The Waco VA Hospital is home to one of the nation's most state of the art blind rehabilitation centers.
It's one of only 13 in the country, drawing in patients from all over Texas and neighboring states.
Doctors there say their number one complaint is that folks wish they knew about it sooner.
"This one I'm making for my son," Army Veteran Albert Perks explains, as he carefully crafts a wooden flag case in the manual skills learning center.
"It lets me work with my hands a lot, which I like to do," says Albert.
But when his exposure to a harmful chemical substance, called Agent Orange, during Vietnam cost him his vision, he never dreamed anything like this would be possible.
"It's letting me know that I'll be able to learn things again, that I won't have to just sit in a corner and just wait my time out," Albert said.
Blind or partially blind vets spend about seven weeks at the hospital, learning to live more independently.
They practice using canes to navigate buildings and streets.
They attending living skills classes, where they learn to cook and take care of paperwork.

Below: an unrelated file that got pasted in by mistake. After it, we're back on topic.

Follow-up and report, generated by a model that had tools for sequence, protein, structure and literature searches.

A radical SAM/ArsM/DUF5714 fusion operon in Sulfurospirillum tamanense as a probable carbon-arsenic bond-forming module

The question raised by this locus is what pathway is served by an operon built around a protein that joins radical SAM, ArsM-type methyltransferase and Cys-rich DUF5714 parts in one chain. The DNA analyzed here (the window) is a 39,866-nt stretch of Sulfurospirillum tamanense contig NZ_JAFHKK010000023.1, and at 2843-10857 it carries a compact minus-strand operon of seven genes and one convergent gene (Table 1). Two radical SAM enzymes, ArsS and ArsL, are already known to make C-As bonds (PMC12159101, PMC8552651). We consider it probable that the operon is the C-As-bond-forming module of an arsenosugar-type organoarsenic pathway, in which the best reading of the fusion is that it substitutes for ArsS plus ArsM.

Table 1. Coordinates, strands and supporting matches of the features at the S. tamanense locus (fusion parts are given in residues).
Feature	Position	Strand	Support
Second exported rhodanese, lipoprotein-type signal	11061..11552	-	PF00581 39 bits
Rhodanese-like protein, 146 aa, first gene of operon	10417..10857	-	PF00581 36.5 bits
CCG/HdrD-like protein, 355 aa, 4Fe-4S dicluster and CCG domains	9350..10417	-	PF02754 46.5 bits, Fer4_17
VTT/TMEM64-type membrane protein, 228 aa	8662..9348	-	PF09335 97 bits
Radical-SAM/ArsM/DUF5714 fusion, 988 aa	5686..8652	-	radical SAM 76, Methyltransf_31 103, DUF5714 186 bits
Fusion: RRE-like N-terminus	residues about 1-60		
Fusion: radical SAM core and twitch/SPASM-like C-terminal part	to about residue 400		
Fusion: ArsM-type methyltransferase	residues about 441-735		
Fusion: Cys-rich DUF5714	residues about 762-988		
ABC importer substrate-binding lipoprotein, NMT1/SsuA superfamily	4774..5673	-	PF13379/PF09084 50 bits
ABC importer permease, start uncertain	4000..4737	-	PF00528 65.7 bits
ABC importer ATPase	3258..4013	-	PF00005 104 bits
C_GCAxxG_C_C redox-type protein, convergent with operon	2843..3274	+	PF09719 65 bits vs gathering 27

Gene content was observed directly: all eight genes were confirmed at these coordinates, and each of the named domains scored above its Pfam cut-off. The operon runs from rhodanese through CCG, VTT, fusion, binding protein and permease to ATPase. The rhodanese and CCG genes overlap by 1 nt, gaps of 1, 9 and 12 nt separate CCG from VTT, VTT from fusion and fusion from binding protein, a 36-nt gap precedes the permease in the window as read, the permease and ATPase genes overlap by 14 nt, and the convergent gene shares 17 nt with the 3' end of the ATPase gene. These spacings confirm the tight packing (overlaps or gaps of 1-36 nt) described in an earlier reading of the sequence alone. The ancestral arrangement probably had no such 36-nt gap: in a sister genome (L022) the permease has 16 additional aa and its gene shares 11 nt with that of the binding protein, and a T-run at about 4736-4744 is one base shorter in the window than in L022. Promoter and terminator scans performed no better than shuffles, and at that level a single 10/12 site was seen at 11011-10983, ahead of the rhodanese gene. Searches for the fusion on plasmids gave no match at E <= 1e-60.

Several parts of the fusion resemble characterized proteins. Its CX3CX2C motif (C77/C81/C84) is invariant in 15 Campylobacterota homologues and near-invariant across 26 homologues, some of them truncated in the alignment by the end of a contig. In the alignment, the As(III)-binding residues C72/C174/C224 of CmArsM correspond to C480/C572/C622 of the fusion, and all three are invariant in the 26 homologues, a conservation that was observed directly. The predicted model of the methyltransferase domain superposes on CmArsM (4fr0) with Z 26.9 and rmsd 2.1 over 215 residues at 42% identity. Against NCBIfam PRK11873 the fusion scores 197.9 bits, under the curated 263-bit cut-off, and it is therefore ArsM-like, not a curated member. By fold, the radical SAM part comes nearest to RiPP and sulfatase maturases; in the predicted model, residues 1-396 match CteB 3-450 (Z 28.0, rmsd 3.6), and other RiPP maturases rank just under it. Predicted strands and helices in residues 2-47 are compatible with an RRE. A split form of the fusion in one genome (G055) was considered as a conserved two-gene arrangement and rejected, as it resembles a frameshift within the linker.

In computer class, a special program, called JAWS, uses zoom and audio features to bring them into the cyber world.
Marine Corps Veteran Charles Smith's personal favorite, manual skills training, or "shop," helps with dexterity and strength.
"I am working on a guitar strap for my daughter," he explains, as he uses a machine to press her name into the beautifully stained strap of leather.
This type of dexterity training begins small with things like locks and inactive light sockets.
It helps them to practice doing some common household skills, and with the right "shop" experience, they can even advance to using power tools.
"We can do anything any body else can do, it just takes us a little bit longer," says Charles.
"It's good. It removes the burden from the family, and it also creates a sense of self-worth among the veterans that it's important not to take away from them," said Richard Wacker, Chief of the Blind Rehab Center.
It's opening up a whole new world of possibilities for veterans like Albert and Charles, and building their belief in the power of their own two hands.
"They're giving me confidence back that I can do it," said Albert.
Volunteers are always needed for the program.
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